Marshall: Oh okay. Well, you know what? I think it’s because it’s done so much in schools. That’s what it is, more than productions. The top three musicals that are done in schools are “Grease,” “High School Musical,” and “Into the Woods.” I think it’s because there are so many roles, and the fairytales and all of that, and the humor of it and the fun of it. So, I think that’s how people know it. I think people know it from people being in it, kids being in it in their schools.
CS: Tracy Ullman told me that her son played Jack in “Into the Woods.”
Marshall: See? Exactly. It happens all the time. Somebody just said to me the other day, just yesterday, one of the guys that was working on the sound said, “My daughters played the Baker’s Wife and the Witch.”
CS: I grew up in Westport and there was a very musical high school there and I played in orchestra, but that was years before “Into the Woods” even existed.
Marshall: So that’s why. Now it’s done everywhere.
CS: Good to know. I was curious about that phenomenon, because I brought my friend Erin to the movie since she was a huge fan and she’s in that age range.
Marshall: So she knew it? I bet that’s why.
CS: One thing she wanted to ask, and I’m curious, too, but there were some changes in Rapunzel, because she said that Rapunzel was crazier.
Marshall: Rapunzel’s a little more cartoon-like on stage. The one thing I really wanted to do was make sure these were people that were flesh and blood and make them more real. She’s kind of a hysteric. She goes kind of crazy. It’s a little different. You know, she’s kind of played as a crazy lunatic. I didn’t want to do that because I thought it lessened the relationship between the Witch and Rapunzel, and especially because Meryl was going to play it with such depth and such vulnerability, and that I really wanted to make sure that Rapunzel was not a cartoon.
CS: Was there supposed to be some sort of resolution between Rapunzel and the Baker since that’s meant to be his sister?
Marshall: No, you know what? James Lapine and I spoke about that. They don’t do it on stage, and James said, “We tried so many different versions of how to connect the dots,” he said, “it was one too many dots to connect.” He said, “It’s too complicated.” So, we didn’t do it on stage, and he said, “I don’t think we should do it in the film.”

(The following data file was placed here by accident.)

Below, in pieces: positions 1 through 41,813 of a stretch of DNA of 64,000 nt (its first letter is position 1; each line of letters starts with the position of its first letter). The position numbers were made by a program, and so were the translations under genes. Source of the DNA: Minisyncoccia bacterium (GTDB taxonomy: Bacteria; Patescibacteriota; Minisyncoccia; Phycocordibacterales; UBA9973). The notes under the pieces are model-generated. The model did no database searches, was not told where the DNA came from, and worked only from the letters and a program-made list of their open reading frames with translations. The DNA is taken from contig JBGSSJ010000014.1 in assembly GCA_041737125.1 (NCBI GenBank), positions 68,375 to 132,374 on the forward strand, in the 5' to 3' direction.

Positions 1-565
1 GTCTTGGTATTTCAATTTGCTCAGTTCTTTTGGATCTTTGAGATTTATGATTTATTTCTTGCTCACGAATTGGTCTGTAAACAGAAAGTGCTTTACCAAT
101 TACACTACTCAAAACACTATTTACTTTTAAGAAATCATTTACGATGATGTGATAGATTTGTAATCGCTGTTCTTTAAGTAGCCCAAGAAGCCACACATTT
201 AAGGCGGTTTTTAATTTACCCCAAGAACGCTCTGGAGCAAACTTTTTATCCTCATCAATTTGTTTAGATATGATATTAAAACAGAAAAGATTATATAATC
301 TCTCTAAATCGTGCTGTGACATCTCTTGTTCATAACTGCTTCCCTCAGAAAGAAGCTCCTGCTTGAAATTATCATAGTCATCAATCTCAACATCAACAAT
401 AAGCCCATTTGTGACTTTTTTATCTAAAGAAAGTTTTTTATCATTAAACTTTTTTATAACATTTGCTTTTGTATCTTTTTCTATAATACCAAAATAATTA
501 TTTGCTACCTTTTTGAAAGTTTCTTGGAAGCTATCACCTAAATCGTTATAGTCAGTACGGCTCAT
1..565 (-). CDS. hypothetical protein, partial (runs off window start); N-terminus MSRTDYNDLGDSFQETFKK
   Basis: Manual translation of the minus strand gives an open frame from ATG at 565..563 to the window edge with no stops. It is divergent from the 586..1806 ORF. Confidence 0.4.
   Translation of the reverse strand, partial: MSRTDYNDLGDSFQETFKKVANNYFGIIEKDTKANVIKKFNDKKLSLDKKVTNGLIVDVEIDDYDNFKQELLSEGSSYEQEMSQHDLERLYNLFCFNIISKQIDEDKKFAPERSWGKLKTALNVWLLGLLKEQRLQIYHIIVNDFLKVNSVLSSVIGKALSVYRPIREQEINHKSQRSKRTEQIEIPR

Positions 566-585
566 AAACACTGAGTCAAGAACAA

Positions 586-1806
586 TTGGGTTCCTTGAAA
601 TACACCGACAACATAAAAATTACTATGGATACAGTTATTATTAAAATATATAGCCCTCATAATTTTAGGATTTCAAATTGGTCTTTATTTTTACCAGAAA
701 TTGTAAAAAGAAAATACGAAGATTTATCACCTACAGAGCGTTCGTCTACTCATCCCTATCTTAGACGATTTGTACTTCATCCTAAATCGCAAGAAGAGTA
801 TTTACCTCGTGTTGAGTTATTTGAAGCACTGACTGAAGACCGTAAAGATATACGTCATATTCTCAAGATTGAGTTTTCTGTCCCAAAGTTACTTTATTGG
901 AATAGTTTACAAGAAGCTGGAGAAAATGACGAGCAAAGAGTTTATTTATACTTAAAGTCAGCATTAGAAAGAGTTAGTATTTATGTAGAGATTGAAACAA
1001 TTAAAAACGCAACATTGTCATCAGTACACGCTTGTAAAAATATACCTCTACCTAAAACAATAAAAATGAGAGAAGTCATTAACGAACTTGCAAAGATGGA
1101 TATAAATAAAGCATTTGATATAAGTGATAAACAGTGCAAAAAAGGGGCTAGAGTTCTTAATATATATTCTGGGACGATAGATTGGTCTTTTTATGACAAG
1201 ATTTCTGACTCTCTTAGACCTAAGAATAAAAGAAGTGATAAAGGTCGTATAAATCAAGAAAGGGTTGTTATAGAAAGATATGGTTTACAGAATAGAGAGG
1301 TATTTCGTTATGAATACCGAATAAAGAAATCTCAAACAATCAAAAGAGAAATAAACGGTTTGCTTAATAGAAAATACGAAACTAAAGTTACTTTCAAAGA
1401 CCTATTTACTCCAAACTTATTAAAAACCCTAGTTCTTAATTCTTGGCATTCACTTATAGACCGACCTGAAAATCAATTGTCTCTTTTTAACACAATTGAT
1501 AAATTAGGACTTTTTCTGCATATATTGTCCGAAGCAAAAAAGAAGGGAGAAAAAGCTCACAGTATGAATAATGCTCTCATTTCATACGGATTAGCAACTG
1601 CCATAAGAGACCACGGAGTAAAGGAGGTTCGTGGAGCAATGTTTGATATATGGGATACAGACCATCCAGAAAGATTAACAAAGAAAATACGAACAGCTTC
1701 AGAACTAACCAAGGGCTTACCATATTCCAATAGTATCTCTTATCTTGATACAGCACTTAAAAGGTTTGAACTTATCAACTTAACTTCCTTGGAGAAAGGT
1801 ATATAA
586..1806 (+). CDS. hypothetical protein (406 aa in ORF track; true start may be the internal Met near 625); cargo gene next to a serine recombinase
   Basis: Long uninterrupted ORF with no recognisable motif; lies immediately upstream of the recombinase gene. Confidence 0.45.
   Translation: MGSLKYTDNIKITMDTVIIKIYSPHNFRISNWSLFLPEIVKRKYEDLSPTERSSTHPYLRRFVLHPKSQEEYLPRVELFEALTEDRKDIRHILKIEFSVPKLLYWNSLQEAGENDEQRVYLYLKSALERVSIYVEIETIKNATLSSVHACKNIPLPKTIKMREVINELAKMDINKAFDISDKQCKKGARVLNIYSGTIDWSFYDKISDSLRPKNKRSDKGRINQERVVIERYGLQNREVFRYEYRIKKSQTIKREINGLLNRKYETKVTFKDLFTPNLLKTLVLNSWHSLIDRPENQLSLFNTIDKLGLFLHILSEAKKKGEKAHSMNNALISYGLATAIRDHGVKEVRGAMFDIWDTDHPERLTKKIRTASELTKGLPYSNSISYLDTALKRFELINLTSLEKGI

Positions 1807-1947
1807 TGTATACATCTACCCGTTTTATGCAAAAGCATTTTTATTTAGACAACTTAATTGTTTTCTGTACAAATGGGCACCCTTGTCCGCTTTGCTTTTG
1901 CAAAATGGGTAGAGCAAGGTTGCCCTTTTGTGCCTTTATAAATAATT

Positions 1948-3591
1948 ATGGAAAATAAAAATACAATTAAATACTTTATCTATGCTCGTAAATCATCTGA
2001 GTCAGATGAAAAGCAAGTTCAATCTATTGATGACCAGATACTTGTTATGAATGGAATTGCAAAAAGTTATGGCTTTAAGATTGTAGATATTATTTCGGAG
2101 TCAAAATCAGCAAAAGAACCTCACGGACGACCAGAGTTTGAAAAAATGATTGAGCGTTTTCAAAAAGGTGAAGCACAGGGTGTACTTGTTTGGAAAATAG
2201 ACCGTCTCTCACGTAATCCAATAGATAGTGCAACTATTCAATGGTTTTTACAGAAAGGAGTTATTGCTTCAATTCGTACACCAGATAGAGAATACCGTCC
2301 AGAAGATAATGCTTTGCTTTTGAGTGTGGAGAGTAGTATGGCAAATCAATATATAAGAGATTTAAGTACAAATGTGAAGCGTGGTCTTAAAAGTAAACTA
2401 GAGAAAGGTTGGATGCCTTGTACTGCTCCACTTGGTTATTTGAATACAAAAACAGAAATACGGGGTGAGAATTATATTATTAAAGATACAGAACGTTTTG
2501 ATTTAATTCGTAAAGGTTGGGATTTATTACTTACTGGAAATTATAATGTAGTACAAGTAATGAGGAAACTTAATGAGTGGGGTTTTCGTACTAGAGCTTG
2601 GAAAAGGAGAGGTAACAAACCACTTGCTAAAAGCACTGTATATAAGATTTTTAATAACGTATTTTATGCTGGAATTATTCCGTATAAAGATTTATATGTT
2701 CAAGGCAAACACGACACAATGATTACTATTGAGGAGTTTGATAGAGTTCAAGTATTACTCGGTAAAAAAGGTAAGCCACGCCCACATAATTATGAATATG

CS: Because that would’ve been happily ever after and that would ruin the theme of the musical.
Marshall: Exactly, exactly. I think the thing is in our version, happily ever after is interrupted by the next big issue and problem in the piece and that launches into our third act.
CS: I wanted to ask about working with Johnny Depp. He has a smaller part in this, but this is your second movie in a row with him. Having worked with him twice, do you feel like you understand him?
Marshall: Very much so.
CS: He’s becoming such an enigma, that not many people understand him.
Marshall: I wish you could see him… working with him is just a joy. He is so creative. He’s so original, but he’s so kind and such a gentleman, almost from another era, like, literally from like, the ’40s. He’ll come on set and shake everybody’s hand and say, “Good morning, good morning, good morning, and goodbye, goodbye, goodbye.” He’s just an elegant, quiet, gentle person and kind of a genius. So, he’s very funny, too. We share a real similar sense of humor. So, I just adore working with him. I mean, I would do anything with him.
CS: These days, musicals are coming back to television and while you did “Annie,” they’re now doing live musicals, so is that something you’re interested in doing at all?
Marshall: You know what? I kind of love working on film because television in live, that’s tricky. But there’s something about the craft of working on a film. You know, this took three years. I like that way of working. I like really honing in on something and being meticulous about it and giving it that kind of care and attention. I like that way of working, and maybe it’s because I grew up with film musicals, too. They mean so much to me, so if there’s any small way I can keep the genre alive, I’m happy.
Into the Woods opens nationwide on Christmas Day, December 25. Look for more interviews with the producers and Tracey Ullman before then.[Gallery not found]